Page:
Four years later when Hungary engaged in peace negotiations with the United States and the United Kingdom, Hitler ordered the invasion and occupation of his country and Victor, almost certainly, would have seen German troops and tanks on the streets of Budapest.
He was in Budapest during 'The Siege', the 50-day-long encirclement by Soviet Russian and Romanian forces in which about 38,000 civilians died through starvation or military action, before it unconditionally surrendered in. He later recalled "the smoke and the rubble" he had seen and would have then witnessed Russian soldiers and tanks on the streets of Budapest.“I just drew and drew and drew and enjoyed it. I illustrated anything that I read, books on history, poems". Perhaps, unsurprisingly, given the violence of the times, he also recalled : "In fact I did a vast number of drawings of the fights we Hungarians had with the Turks in the 17th century". https://www.youtube.com/watch?v=gswlhoZ6rP0
It was, however, the books of Arthur Rackham with their distinctive and extensive illustrations for a wide range of stories like 'Peter Pan' which most inspired his drawing and led him to claim, at the age of 80, that : “He was a huge influence on me and he meant that I’ve been drawing ever since I could hold a pencil”. Already he had an attraction to the narrative power of pictures and that "something about drawings appearing in books together with the stories that appeals to me".
No one in Victor's family had displayed artistic talent except one uncle who had died 17 years before he was born, during the 1918 Influenza Epidemic which swept Hungary after the First World War. Despite this, the family, supported his passion for drawing and he said his father, in particular : "was convinced I was going to be an artist when I grew up”.
That passion was satisfied in the Hungarian summers when spent many childhood holidays in the countryside outside Budapest, on the Hungarian Plains, where he started his lifelong passion for horses and drew the wild ones he saw grazing there.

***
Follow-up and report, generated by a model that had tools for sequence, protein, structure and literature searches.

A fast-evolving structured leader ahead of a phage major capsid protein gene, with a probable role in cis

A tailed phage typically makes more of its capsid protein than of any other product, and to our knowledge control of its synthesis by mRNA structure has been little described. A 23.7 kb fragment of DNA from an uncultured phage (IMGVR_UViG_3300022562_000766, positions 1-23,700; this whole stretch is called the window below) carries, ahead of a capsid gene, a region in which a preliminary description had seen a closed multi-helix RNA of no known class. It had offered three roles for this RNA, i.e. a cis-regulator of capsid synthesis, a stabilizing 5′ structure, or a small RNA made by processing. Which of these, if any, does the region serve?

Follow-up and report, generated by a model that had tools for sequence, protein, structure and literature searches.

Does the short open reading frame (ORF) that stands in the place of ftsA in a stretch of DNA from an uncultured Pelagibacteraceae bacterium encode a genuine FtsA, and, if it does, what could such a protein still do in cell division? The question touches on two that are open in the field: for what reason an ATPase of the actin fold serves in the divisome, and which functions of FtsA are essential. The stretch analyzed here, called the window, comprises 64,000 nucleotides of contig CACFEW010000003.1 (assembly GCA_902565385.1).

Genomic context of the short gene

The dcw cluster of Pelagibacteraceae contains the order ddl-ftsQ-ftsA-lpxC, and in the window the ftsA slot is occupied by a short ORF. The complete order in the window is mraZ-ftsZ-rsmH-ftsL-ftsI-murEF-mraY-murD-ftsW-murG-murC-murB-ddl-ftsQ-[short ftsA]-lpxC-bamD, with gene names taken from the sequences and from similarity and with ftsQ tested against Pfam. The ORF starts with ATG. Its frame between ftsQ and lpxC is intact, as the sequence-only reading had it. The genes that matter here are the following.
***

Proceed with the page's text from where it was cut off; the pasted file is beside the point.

Victor managed to discover that there was an art college just over the hill from his refugee camp and after presenting himself at Farnham School of Art and with three year's study in Budapest under his belt, was taken on as a student, not to follow any particular course, since he spoke no English, but to work at his drawing. At the age of 21, he was already an accomplished artist and had specialised in graphics, concentrating largely on engraving and lithography which, as he said, was an excellent training for line illustration."It was nice to get back to some drawing, because after '56 I just didn't think that I would ever do any again. When I started drawing in Farnham I did some desperately depressing things. I could still find some of my lithographs of the horrors I'd left behind". One of these illustrations is his powerful 'On the Barricade of the Revolution', dated 1958, it shows a woman kneeling with face in hands before the bandaged, bloodied head of a man and other works at this time were titled : 'Execution' and 'Death Sentence'."I managed with a great deal of help from local girls who were very happy to teach you" and he had adopted his middle name 'Győző' as 'Victor'. After his staid and traditional course of study at Budapest’s Academy of Fine Art, Victor found that the College was more liberal in its approach and he later admitted : "I have never shed my early training in Budapest. By the time you are about 21, your tastes and style are largely formed, but the Royal College certainly loosened me up".